1. Not a paradox at all. Doctor’s offices don’t charge a fee per seat, airlines do. That gives them the incentive to cram as many fare-producing seats into the fuselage of a plane as they can.

      Given that for most casual travelers the single factor that determines which flight they take is the cost of the ticket, you can’t really blame the airlines for cramming seats in and “unbundling” features like meals, baggage check, etc. They’re just responding to what the market wants.

      An airplane these days is just a Greyhound bus with wings.

      As for cars, I’d argue with the assertion that they are less comfortable than they were 50 years ago. In fact, I’d say modern automobiles have improved significantly over the past half century. 50 years ago bench seats with no side support and very little adjustment were standard on all but the most expensive cars. Nowadays even cheap cars have nice bucket seats, air conditioning and decent stereo systems.

  11. In the late 60’s I was stationed at Treasure Island (in SF Bay) and flew from Oakland to Ontario, CA on PSA (Pacific Southwest Airlines). They were trying to run the regional airline like a bus. You could walk on board and buy a ticket while sitting in the seat. It was like $25-$50 bucks one way while “real” airlines were over a hundred bucks. I was also stationed in Hawaii in the early 70’s. I flew back to the states, commercially, a couple of times when they first introduced the 747 and the airlines were not used to all of the extra space. One airline had an actual lounge in the rear of coach with a stand up bar & bartender to fix drinks and seats and benches with nothing in front of you. Good times.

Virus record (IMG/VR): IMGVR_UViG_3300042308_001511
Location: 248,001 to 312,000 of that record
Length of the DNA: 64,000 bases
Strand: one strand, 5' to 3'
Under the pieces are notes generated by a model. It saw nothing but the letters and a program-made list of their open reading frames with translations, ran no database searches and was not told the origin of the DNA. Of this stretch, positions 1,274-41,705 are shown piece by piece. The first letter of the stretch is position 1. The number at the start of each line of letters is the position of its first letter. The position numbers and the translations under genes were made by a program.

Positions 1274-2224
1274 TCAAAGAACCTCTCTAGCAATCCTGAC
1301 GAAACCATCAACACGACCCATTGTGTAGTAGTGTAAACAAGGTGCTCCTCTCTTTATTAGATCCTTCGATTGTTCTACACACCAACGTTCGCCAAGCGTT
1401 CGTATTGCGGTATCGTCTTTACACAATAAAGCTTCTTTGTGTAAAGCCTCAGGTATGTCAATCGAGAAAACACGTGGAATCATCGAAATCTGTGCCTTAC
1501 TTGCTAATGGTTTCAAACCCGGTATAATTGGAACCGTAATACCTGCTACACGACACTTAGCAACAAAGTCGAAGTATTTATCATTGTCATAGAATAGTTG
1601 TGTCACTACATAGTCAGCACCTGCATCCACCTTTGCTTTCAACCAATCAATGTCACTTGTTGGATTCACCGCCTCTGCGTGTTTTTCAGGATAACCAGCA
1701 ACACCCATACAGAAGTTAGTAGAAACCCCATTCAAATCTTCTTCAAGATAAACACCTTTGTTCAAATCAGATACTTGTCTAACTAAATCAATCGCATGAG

12. I don’t know if you have to worry about “the rich guy buying first class” thing.

    From my past days of heavy flying, I know that, once you hit a certain number of miles, you’re basically always being upgraded to first class for your economy-seat price. On my last fifty or so flights, I bet I was upgraded to first 90+% of the time.

    (Of course, I’m assuming that frequent flyers do as well now as we used to, and that was ten-fifteen years ago.)

  13. I abhor flying. I swear I still get a card at Saint Valentine’s Day from a TSA agent.

    The last time I flew I think it was East Coast to Midwest on Southwest Airlines. Southwest has been the least of the evils offered by other airlines.

    They’ve definitely become a bus service. I rode a bus from Washington to southwestern Virginia once when I was young. It was “interesting.”

    An old friend who was a fan of trains took the train from Boston to someplace in Florida. Upon arrival in florida he turned in his return trip train ticket because it was so miserable. Train service is Great Britain was fantastic. It was on time, spacious, had a restaurant car and was very enjoyable.

    Driving is the most suitable mode of transportation for me. I like road trips to see this huge country, I can stop when I want, pack my own food or eat out, stop at shops and sites as I wish.